Review Summary: "All I want is nothing more," to hear your album from before.
To co-opt from a certain Irish alternative quartet that might
have its name featured above, I had “high hopes” for Kodaline on this second foray into the studio. The group’s debut, In a Perfect World
, is a quaint gem of a record. Not forgetting the great ditties such as romantically optimistic “Brand New Day” or the plaintive “Talk,” tracks like “One Day,” “All I Want” and “High Hopes” show a band with an excellent handle on dynamics, building within its songs gradually to climax at low roars instead of bursting into overblown arena rock. From start to finish, it’s just a solid collection of restrained anthems, a la Coldplay meets Snow Patrol.
Like I wrote: “high hopes”; and not to borrow again too shamelessly from the Dubliners (or James Joyce for all you 20th-century British literature aficionados), Coming Up for Air
, unfortunately, “takes me back to when we started.” Although this usage, of course, is not what the outfit intended, nevertheless, it’s not too common for a band’s lyrics to be oddly prophetic in how it predicts its artist’s future mishaps. Alas, it summarizes this fan’s pining for those august days when our little courtship began, Kodaline, and I would sneak you into the shower with me unbeknownst to my three roommates, who were then going steady with Megadeth, Five Finger Death Punch and “Let It Go” from Frozen
Anyway, moving past references to musical winter-themed fun, “Snowplay” gets colder with less flurries on Coming Up For Air
. In other words, Kodaline decides to follow in one of its parent’s footsteps over the other, namely Coldplay at the expense of its Snow Patrol influences. From the inception, the synthetic muscles out much of the organic, as epitomized in opener “Honest”. Not to say the drums and guitar aren’t there, but they’re noticeably diminished for electronic beats and synth. By the time that first chord of the chorus strikes as lead vocalist Steve Garrigan exclaims “Saaaay!” it’s just garishly underwhelming. Following is single, “The One,” which is just the first of many attempts at cloning Coldplay. From a youthful choir in “Unclear” to those annoying synthesized notes that proliferate in the choruses and breakdowns of many hip-hop hits that molest “Lost,” Coming Up for Air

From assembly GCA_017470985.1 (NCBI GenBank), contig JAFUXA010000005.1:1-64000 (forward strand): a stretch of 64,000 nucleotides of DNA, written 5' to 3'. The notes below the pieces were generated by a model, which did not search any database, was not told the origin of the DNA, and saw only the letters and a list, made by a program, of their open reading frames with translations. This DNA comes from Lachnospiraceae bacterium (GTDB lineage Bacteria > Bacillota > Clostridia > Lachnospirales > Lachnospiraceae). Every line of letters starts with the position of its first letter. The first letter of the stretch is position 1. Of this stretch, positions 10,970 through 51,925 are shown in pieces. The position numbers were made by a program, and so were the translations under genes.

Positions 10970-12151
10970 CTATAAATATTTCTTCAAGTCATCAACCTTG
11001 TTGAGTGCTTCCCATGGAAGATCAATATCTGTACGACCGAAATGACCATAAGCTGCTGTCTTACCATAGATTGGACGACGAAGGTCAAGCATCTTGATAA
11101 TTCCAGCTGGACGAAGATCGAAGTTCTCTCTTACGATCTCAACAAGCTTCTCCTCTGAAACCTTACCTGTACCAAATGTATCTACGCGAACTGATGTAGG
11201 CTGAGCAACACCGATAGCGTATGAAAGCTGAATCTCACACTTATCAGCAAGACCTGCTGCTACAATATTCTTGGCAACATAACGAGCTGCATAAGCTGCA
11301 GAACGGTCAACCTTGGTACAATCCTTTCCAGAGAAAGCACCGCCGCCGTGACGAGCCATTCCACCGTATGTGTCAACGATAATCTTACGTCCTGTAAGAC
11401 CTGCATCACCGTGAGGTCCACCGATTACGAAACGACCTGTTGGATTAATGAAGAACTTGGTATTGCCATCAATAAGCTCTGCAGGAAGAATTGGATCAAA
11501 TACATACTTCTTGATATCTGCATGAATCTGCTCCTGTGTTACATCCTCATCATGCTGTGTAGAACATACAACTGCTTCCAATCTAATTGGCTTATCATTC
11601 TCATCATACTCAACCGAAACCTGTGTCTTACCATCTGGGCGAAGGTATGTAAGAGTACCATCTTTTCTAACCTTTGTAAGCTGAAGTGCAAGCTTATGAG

is a bit of a mess when it comes to experimenting with production and trying new things. Of course, “mess” translates to “tiny disaster,” “experimenting” means “lab accident that results in super villain” and “trying new things” is polite code for “imitating Coldplay.” So, although it’s not a cardinal sin to frequently draw from one of the paramount musical groups of the last decade, what we get is an album that often takes the worst of Coldplay – especially their newer stuff – and runs with it.
It also certainly doesn’t help that Garrigan’s voice is so similar to Chris Martin’s and as such, hemorrhages into what is the tepid and static ether that pervades a mediocre record. Kodaline is not doing itself any favors when it’s clear they don’t have Coldplay’s killer instinct when it comes to writing songs designed to be performed at sold-out stadiums. They are not arena rock assassins – at least not yet – but small club commandos, and often just don’t get nearly big enough in sonic scope, retaining their knack for restrained, slower melodies. Moreover, atmospheric tones in the constant background are not exactly conducive for dynamic buildups. Overall, it results in an unimpressionable midsection that starts early at “Autopilot” and ends after “Lost,” with tracks being difficult to distinguish from one another. Neither do the “upbeat” “Human Again” nor the badly named “Coming Alive” serves to invigorate what fast become dull and uninspired proceedings.
Pummeling aside, very little on Coming Up for Air
can be called unbearable or flat-out poor – maybe with the exception of the headache-inducing chorus of “Lost.” The final third actually reverts a bit back to vintage Kodaline except for what is the unsuccessful “Play the Game,” which brings to mind Rob Thomas and Moby. Although repetitive, “Ready” is the best offering here, though it might be the beneficiary of following a cluster of lackluster tracks. Up-tempo, it actually feels likes it’s doing something
as opposed to the drudgery that preceded it. The respite continues with “Better,” which sounds like it could have come off of In a Perfect World
. Piano ballads “Everything Works Out in the End” and closer “Love Will Set You Free” aren’t great, but at least they’re steps in a positive direction.
As a whole, however, Kodaline is not moving in a promising vector. Instead, Coming Up for Air
is more like drowning in the wash of the synthetics-production craze that has held the greater alternative genre prisoner for the last several years. Every bit a sophomore slump, it takes me back to when I first started listening to music in the 90s when drums and guitar were allowed a meaningful role in popular music. Although its influences come from the early 2000s, Kodaline previously reminded me of that halcyon era. Consider my “high hopes” dashed.